Monsoon session to begin on July 21
Parliament will meet from July 21 for its Monsoon session during which the Government is expected to face a relentless attack from Congress over the Lalit Modi row that has snowballed into a major controversy involving two senior BJP leaders.
With the Congress sticking to its demand for the resignation of Sushma Swaraj and Vasundhara Raje as External Affairs Minister and Rajasthan Chief Minister respectively, the nearly <g data-gr-id="35">four-week long</g> session of Parliament that is scheduled to last till August 13 is likely to be stormy.
The land acquisition bill is also expected to rock Parliament. It has been referred to a Joint Committee of Parliament.
The Cabinet Committee on Parliamentary Affairs (CCPA) at is meeting here on Wednesday is learnt to have recommended the dates for the monsoon session from July 21 to August 13. The monsoon session is usually a four-week affair.
Home Minister Rajnath Singh heads CCPA which also has several senior ministers, including Parliamentary Affairs Minister M Venkaiah Naidu, as its members.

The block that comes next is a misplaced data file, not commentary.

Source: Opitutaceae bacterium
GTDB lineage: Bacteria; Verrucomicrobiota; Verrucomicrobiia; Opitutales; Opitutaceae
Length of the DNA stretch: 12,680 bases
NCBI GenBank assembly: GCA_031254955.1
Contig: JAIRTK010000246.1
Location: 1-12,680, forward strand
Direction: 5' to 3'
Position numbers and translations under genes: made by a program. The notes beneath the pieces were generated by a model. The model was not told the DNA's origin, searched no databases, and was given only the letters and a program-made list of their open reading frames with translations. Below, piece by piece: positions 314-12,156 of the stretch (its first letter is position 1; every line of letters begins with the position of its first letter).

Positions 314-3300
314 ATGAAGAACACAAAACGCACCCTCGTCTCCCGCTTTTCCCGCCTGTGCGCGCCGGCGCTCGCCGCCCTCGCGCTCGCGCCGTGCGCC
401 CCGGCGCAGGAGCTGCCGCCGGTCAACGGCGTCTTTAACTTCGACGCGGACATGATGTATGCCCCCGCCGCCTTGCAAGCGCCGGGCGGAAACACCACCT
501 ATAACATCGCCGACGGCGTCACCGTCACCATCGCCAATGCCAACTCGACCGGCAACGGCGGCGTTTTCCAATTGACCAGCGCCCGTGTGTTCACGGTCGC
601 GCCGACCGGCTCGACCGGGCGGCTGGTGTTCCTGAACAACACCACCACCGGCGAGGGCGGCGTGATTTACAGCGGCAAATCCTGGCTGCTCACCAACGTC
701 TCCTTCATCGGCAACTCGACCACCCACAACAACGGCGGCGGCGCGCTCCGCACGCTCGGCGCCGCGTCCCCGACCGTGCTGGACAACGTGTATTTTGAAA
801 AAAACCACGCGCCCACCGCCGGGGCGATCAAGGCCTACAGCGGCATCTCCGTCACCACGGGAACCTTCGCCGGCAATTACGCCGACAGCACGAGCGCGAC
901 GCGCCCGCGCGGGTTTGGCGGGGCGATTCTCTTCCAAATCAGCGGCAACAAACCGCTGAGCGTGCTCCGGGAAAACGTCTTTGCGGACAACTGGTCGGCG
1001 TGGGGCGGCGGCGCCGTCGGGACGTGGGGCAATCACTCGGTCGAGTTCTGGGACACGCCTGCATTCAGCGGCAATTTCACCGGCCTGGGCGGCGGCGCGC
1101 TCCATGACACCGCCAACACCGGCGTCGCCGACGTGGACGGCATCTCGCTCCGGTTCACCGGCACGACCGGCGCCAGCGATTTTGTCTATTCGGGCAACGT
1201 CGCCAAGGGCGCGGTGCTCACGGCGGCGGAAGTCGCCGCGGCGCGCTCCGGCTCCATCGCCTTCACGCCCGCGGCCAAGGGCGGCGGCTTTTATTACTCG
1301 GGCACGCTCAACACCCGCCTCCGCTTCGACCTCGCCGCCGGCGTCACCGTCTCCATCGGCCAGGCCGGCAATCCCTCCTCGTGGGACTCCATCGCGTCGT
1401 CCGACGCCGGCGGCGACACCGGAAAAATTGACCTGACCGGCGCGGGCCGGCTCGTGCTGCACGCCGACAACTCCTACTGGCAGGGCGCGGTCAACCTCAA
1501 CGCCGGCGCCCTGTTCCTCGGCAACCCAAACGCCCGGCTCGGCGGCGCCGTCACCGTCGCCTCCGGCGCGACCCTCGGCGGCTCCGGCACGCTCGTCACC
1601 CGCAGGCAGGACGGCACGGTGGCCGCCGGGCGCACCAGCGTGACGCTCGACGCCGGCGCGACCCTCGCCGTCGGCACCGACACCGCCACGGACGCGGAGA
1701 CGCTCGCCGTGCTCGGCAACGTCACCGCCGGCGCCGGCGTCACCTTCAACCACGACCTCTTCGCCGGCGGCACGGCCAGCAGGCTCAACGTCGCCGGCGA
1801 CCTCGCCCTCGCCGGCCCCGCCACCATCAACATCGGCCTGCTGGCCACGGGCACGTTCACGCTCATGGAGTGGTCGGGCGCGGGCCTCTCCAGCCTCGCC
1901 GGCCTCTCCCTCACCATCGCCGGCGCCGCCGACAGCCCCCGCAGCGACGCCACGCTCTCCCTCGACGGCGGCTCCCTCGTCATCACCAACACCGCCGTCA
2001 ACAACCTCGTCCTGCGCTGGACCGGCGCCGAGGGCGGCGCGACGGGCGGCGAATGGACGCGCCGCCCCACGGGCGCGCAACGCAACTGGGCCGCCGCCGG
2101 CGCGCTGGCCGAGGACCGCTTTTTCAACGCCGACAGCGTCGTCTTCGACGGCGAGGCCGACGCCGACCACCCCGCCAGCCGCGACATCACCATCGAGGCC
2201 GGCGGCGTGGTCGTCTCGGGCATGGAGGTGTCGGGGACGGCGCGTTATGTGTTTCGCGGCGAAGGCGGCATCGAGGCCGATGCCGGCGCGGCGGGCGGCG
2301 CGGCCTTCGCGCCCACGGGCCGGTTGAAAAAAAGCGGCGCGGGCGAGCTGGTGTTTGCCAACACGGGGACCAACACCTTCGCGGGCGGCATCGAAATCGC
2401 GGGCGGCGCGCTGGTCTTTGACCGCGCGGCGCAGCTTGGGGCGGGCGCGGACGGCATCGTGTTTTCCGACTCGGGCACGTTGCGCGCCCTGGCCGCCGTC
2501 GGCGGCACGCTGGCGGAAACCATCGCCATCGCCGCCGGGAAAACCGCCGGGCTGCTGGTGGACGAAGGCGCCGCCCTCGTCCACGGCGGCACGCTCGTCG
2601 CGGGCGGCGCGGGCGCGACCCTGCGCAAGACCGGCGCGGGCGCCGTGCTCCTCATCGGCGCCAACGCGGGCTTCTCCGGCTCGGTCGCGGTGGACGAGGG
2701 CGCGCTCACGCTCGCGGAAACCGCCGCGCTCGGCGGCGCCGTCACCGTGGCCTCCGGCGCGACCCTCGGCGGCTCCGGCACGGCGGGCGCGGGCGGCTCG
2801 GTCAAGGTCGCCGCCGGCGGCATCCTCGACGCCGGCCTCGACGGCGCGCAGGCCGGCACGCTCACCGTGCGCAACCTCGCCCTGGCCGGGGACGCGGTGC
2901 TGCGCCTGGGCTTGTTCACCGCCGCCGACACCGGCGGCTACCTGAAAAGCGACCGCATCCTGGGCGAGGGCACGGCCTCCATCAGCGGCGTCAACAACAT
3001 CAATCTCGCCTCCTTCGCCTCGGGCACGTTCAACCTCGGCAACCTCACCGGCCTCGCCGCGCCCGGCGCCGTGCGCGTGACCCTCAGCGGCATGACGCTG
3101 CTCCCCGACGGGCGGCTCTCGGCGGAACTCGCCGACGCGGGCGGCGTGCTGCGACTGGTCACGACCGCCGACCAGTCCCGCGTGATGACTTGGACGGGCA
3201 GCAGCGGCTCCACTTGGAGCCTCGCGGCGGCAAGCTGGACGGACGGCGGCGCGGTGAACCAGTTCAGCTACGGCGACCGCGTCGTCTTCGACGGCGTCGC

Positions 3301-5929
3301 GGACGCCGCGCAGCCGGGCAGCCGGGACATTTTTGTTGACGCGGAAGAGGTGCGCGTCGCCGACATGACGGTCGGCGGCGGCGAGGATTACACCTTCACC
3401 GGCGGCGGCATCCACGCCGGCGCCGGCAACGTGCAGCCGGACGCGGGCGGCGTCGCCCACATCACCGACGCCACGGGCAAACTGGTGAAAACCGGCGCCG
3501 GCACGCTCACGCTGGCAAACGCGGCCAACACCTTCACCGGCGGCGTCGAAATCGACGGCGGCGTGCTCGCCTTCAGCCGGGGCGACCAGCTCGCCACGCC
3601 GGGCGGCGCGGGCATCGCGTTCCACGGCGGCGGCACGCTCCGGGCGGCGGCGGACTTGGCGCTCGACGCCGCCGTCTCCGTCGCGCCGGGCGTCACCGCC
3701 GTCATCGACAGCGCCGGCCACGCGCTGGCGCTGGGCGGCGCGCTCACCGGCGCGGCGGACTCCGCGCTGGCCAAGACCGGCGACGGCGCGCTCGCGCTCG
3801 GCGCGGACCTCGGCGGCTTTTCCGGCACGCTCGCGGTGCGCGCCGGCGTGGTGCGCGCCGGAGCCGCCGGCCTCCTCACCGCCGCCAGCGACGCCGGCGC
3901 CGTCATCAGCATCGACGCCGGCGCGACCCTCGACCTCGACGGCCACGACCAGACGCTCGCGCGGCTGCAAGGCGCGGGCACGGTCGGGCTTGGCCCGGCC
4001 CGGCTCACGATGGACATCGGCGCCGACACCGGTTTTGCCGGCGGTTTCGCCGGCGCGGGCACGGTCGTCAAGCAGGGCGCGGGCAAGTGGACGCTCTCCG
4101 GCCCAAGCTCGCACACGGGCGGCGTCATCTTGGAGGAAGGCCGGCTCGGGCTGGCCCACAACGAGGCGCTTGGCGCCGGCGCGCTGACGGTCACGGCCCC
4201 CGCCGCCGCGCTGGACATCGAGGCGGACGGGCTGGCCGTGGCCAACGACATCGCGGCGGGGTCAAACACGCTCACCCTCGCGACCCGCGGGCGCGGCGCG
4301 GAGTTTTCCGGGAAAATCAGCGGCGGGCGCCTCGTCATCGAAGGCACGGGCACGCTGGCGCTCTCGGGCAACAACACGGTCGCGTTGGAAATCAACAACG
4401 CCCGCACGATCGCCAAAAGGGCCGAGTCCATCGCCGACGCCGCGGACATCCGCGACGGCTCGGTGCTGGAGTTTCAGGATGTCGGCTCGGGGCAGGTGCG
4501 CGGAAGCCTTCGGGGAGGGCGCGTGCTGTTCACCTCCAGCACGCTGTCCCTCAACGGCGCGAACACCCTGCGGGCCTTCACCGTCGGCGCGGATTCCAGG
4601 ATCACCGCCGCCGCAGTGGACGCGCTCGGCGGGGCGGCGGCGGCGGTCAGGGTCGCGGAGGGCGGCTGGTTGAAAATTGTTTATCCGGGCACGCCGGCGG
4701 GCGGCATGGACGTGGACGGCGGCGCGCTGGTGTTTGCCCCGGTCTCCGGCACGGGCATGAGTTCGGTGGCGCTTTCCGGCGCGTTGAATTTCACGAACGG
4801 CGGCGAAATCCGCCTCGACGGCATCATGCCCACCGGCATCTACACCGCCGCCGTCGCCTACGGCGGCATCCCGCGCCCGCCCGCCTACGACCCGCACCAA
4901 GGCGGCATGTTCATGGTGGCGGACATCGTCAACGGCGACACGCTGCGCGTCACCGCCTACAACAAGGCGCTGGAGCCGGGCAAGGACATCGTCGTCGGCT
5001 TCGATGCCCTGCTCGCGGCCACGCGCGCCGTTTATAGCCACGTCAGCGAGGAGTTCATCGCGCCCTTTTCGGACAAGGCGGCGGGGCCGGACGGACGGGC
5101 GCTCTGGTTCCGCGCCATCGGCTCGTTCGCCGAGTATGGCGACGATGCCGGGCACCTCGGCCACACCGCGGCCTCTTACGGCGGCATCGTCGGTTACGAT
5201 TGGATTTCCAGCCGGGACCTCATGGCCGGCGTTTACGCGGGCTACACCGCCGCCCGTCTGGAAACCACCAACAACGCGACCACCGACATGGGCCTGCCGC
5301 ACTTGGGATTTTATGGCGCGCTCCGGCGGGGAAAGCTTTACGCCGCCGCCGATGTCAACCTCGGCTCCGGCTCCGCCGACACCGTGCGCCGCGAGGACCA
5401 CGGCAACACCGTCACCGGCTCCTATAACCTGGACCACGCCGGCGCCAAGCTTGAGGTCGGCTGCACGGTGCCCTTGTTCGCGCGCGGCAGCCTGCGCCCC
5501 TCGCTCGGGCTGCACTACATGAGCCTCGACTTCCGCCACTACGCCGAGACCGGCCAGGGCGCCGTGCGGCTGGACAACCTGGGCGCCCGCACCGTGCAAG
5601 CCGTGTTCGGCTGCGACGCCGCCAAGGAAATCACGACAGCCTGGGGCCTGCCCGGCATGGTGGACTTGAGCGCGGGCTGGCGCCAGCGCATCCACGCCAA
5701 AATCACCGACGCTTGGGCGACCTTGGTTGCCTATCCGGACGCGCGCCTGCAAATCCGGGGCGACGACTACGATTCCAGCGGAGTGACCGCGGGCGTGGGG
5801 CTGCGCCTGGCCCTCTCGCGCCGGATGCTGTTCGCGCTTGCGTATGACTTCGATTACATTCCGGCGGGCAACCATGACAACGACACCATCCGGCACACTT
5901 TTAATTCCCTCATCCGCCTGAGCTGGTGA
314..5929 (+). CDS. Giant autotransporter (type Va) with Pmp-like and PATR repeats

The earlier proposal was that the session should start from July 20, a Monday. But as the festival of Eid may fall on July 18 or 19, a decision was taken to start it from July 21.
Congress has already warned Government that it should take steps to "save" Parliament and that it will be "impossible for Prime Minister Narendra Modi to face it if Swaraj and Raje continue to hold their posts. BJP has, however, rejected the demand.
Leader of the Opposition in Rajya Sabha Ghulam Nabi Azad has said that it would be virtually impossible to transact any business if the opposition demands are not met over the Lalit Modi visa issue.
Swaraj and Raje have faced flak for helping the tainted former IPL boss to procure travel documents in the UK, a country which he has made his home <g data-gr-id="37">to avoid</g> legal processes in India.
<g data-gr-id="30">Government</g> is hoping to get the land legislation enacted by the end of the Monsoon session amid stiff resistance from the opposition parties.